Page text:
Our Organisation Search
Quick Links
Toggle: Topics

ADAPTForRes Research Project

Adaptation, mitigation and protection strategies to increase resilience of Irish forests to impacts of climate change


There is considerable uncertainty about how climate change will effect Irish forestry. Projections of increases in seasonal temperature and rainfall have the potential to effect the growth and productivity of forest ecosystems which may have a positive or negative effect depending on how well tree species are adapted to changing conditions. An increase in disturbance events may be a consequence as a result of the increasing frequency of winter storms and pests and diseases have the potential to become more prevalent owing to changing environmental conditions. ADAPTForRes is a research project which hopes to understand how changes to climate may impact on the sustainability of Irish forestry, and examine pathways which may reduce the negative effects of climate change on Irish forests, reduce risk.

Resilience is a measure of how a forest responds to perturbation, and how quickly it can recover to its ideal state. Identifying vulnerabilities in Irish forests which can be enhanced by increasing resilience is a key strategy to reduce future risk thus ensuring the vitality of our forest resource. ADAPTForRes will research three pathways aimed at increasing the resilience of Irish forests to climate change. These pathways are; adaptation, mitigation and protection strategies for Irish forests to reduce the impacts of climate change on the forestry and land use sectors. We aim to provide science based evidence for improved decision making for policy makers, forest owners, farmers, foresters and the forestry sector.

The research hopes to assess forest genetic options aimed at increasing adaptation of forest reproductive material. The study will investigate strategies to increase the resilience and sustainability of forest sinks and reduce emissions from the forest resource. Finally, this research is aimed at increasing our understanding of the risk of potential harmful pests and pathogens and will explore innovative measures to aid in their detection, in effort to assist in the national surveillance, detection and protection of our valuable forest resources.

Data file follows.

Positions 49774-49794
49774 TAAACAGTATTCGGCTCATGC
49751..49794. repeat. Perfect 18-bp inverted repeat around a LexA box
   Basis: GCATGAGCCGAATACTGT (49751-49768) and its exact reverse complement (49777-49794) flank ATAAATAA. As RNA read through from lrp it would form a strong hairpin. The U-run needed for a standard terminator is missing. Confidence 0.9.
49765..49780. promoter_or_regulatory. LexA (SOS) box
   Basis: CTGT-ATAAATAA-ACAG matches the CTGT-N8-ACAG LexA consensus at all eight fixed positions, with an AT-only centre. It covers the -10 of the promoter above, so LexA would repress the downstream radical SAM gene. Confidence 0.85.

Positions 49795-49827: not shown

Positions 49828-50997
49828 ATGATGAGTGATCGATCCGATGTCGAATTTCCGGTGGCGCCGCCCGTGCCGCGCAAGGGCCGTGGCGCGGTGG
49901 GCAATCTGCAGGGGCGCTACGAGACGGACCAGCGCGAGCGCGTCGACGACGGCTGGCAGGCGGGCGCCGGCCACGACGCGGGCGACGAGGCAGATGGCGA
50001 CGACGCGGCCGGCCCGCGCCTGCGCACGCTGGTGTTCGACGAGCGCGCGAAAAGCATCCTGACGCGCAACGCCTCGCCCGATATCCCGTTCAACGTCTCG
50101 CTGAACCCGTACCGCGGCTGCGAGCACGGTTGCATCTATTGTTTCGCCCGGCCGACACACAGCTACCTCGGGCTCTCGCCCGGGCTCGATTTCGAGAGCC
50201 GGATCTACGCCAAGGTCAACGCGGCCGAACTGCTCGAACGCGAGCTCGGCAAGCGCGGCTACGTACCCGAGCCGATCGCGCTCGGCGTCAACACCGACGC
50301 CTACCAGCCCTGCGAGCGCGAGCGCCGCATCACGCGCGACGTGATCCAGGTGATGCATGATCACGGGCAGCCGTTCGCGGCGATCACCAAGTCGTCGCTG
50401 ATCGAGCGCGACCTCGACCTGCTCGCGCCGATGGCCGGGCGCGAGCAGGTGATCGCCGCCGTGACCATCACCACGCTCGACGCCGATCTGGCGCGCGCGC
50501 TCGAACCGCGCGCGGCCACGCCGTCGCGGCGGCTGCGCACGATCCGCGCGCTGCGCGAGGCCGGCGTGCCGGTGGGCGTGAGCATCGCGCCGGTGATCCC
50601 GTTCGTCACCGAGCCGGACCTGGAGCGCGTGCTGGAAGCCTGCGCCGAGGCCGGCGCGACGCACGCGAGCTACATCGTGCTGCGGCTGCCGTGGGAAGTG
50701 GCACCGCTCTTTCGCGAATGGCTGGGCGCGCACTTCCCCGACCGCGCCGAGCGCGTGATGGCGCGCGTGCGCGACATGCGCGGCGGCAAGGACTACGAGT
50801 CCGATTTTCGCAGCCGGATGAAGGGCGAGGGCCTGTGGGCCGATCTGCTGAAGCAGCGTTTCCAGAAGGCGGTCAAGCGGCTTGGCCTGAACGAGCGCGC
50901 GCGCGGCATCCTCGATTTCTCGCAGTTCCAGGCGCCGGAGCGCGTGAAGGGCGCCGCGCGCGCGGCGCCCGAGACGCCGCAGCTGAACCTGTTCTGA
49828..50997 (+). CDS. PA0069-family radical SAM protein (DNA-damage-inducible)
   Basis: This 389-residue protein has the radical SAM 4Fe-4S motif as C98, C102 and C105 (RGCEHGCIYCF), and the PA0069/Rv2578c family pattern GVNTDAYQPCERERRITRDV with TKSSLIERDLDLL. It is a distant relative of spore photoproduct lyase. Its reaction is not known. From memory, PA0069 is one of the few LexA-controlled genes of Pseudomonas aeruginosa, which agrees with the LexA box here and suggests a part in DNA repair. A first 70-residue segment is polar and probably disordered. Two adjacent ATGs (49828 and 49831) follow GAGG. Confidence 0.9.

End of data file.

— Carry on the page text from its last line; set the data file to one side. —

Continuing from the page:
The project

The project aims to investigate three key areas aimed at enhancing and increasing resilience in our forests.

1. Forest Genetic Options

Diversity is often associated with the ability of trees to adapt to changing conditions. We aim to assess genetic diversity and adaptive potential to changing climate conditions within key tree species used in Irish forestry. The study will investigate if adaptive traits (e.g. flushing, drought tolerance) are present in populations of selected tree species. This information will be used to determine if the current range of forest reproductive material is suitably adapted for future conditions. 

An experiment to assess bud burst in Sitka spruce and early elongation of terminal shoot 

Carbon flux tower to monitor CO2 flux in Ballykilcavan, Co Laois

2. Forest Management Practices

The research hopes to assess the impact of diverse and adaptive forest management options on forest resilience. The study will explore opportunities for enhanced mitigation and examine potential measures to ensure the maintenance of sustainable forest sinks. This includes assessing afforestation scenarios and their sequestration potential together with forest management practices which may reduce the risk of carbon loss from existing forest stocks.

Forest monitoring and detection methods hope to detect disturbance events in Irish forests

3. Forest Protection Measures

Effective forest resource protection requires optimum surveillance. We aim to assess forest protection measures that have potential to enhance resilience of Irish forests. These include performing a pest risk analysis of oak and pine species and horizon scanning for future threats to these tree species. We aim to establish a pathogen reference database that will indicate the current pests and pathogen occurrence in Irish forests. The potential of utilising high through put DNA sequencing as a method to identify the presence of forest pests and pathogens and its potential application to increase the efficiency of forest surveillance will be investigated. 


The outcomes of this research may have significant potential to contribute to increasing the resilience in Irish forests to the impacts of climate change and resolve some of the uncertainties associated.

Further information

Project partners

The project is a multidisciplinary collaboration between six institutions (Teagasc, University College Dublin, Agri-Food and Biosciences Institute, University of Limerick, Trinity College Dublin and the National Botanic Gardens) and is coordinated by Dr Niall Farrelly of Teagasc.


The project is an all-Ireland approach to increasing forest resilience. It is funded under grant number 2021RI302 provided by the Department of Agriculture, Food and the Marine (DAFM) in Ireland and the Department of Agriculture, Environment and Rural Affairs (DAERA) in Northern Ireland.